E-Canteen Fundas: What has obeying got to do with leading? Everything! This is why...

As an ex-leader or as an ordinary member, fulfill your role fully and help the team perform to its best by giving your inputs
Remember, always | (Pic: Edexlive)
Remember, always | (Pic: Edexlive)

‘Where have you been Rinku?’ asked Rahul. ‘We’ve been waiting for you!’

‘Two of our sports captains, Reena and Parul, have been replaced as per our rotation policy,’ said Rinku. ‘I went to the farewell party.’

‘They were very senior, weren’t they?’ said Rahul. ‘I wonder how they’ll adjust to being led by a junior. It might create ego issues, don’t you think?’

‘Reena has adjusted to being part of the team very well while Parul’s struggling.’

‘I can understand what Parul might be going through,’ said Rahul. ‘I went through the same thing when I was replaced as captain of the basketball team. I found it difficult to be led by my junior. It was an indignity.’

‘How can we handle it, bhaiyya?’ asked Rinku. ‘When someone has worked at a higher level, how can they obey others?’

‘As Greek philosopher, Aristotle says — he who has never learned to obey cannot be a good commander,’ said Rakesh. ‘Reena appears to have been a more secure and better leader than Parul — she knows how to obey, to follow.’

‘What has obeying got to do with leading?’ asked Rahul.

‘Leading is not about throwing your weight around or feeling like you’ve got a higher status than the others,’ said Rakesh. ‘Those are insecure behaviours that do not empower others. Leading is doing what is best for the team. A good leader always keeps the team’s needs ahead of her own and adjusts to her role.’

‘But what about our pride as a leader?’ asked Rahul.

‘It’s not about pride,’ smiled Rakesh. ‘It’s about the team. If the team’s not producing results, or has a rotation policy, the leader must accept and play her role to her best capacity — which includes following the new captain’s vision. Not be a disruptive force. Many cricket captains, including MS Dhoni who’s considered one of the finest captains, have been replaced, and they did a great job as members of the team. The ones who could not follow have had a negative effect on the team and have been removed. There are many cases of prime ministers of countries who chose simple lives and went back to leading productive lives as ordinary citizens. So there’s nothing to feel bad about when dropped as a skipper. It’s about the team, not you.’

‘What should we do with Parul then?’ asked Rinku. ‘What if she continues to sulk and create problems?’

‘It’s an energy issue,’ said Rakesh. ‘Parul’s feeling insecure. It helps if the new captain has a chat with her and makes her feel secure, valued and lets her know that her contribution can be very useful. If she continues to be a negative effect, then do what’s good for the team. All good teams have players who have led before, who focus on their roles and help the team with their experience and perspectives as an ex-leader.’

‘Hmm,’ said Rahul. ‘So, are you saying that a leader who knows how to follow is a better contributor to the team as opposed to someone who has not led previously?’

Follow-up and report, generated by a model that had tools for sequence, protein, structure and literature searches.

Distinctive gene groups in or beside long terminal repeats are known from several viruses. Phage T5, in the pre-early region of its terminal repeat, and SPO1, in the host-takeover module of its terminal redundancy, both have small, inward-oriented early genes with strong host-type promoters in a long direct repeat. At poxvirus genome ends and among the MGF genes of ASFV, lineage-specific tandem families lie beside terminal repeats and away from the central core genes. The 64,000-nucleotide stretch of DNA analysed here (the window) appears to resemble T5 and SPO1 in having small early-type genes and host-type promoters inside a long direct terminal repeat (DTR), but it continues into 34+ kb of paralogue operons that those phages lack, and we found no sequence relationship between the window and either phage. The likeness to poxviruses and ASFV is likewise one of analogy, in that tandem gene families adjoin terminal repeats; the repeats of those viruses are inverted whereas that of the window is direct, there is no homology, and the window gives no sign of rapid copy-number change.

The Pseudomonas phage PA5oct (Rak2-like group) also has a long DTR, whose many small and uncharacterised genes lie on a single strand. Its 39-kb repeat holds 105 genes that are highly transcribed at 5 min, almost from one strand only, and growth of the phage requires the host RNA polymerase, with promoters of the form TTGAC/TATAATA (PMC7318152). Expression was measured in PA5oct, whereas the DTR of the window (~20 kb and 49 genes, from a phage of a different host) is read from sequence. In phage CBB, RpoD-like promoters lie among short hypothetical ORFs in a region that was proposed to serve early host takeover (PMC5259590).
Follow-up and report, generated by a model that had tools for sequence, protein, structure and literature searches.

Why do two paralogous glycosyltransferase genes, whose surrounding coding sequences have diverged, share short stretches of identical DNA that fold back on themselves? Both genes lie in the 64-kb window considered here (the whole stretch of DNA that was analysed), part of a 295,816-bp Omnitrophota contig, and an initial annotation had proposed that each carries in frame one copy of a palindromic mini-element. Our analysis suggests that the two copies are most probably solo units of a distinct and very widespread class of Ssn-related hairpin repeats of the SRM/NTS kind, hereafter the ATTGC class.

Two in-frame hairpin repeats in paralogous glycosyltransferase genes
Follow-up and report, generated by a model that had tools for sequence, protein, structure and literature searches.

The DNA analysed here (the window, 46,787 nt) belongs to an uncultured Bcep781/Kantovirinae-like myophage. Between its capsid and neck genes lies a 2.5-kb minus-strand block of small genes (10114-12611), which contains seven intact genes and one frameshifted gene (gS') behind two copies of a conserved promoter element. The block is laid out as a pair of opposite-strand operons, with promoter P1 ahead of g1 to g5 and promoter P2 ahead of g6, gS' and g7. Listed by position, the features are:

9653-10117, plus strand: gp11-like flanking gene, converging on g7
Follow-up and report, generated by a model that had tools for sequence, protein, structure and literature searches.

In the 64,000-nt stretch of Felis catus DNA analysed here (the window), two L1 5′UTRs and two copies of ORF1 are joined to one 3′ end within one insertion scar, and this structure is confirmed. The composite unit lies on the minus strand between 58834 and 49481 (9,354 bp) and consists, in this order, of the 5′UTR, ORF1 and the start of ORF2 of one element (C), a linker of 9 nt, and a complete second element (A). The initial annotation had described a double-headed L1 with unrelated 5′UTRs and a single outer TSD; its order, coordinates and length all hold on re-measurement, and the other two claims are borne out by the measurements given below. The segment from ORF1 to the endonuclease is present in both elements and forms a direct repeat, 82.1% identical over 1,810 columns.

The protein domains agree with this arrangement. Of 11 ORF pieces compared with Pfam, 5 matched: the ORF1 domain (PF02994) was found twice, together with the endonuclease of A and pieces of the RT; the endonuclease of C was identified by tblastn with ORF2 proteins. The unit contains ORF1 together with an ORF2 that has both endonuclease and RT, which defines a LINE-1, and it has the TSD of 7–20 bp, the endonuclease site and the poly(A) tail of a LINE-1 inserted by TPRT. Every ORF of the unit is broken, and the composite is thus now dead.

‘Yes,’ said Rakesh. ‘It benefits the team to have people who have led before and who know how to follow. Simply because they know what a captain wants from his players — 100 per cent involvement and effort. Most leaders’ energies go into motivating team members to give their best. So, when a secure ex-leader becomes part of a team, she gives her 100 per cent, adjusts her role, thinks like the captain, gives inputs without sulking or interfering and does what the captain expects from her without being told. It reduces the captain’s burden and makes it easy for the captain to focus on other issues.’

‘Hmm,’ said Rahul. ‘So, we need a team full of secure ex-captains to get great performances as a team?’

‘In principle, yes,’ laughed Rakesh. ‘But since we cannot get a team full of ex-captains, it makes sense to have everyone ‘feel’ like a leader — including insecure ex-captains like Parul. A secure captain transfers ownership of the team to each and every member and makes them feel as responsible as the captain. That way everyone starts thinking like a captain and gives 100 per cent — even without the title.’

‘How to transfer ownership. bhaiyya?’ asked Rinku. ‘I’d like players on my team to take more ownership.’

‘Simple,’ said Rakesh. ‘Treat them like they ‘own’ the team too. That it’s their responsibility too. The more responsibility you give, the more ownership they take. Let them experience freedom to think, contribute, take decisions. Be there to help and guide, but don’t rush in to sort their issues. Don’t always provide answers but give pointers, ask questions. Let them do their bit for the team in ways that benefit the team. That way we help them grow as secure leaders and get better results as a team. But remember, only a secure leader lets others take ownership — and obeys a new leader.’

‘Interesting,’ said Rahul. ‘When everyone in the team thinks like a leader, like an owner, the team works to its potential.’

‘Yes,’ said Rakesh. ‘Works everywhere — as citizens in the society, as team players, as family members. So, are you thinking like a leader in all your teams, taking ownership for what’s happening around you and helping out the leader?’

‘No, bhaiyya,’ said Rinku shaking her head. ‘But I’ll start today.’

Pro Tip: Think like a leader even when you are not the leader. As an ex-leader or as an ordinary member, fulfill your role fully and help the team perform to its best by giving your inputs and adjusting to what the team needs from you.

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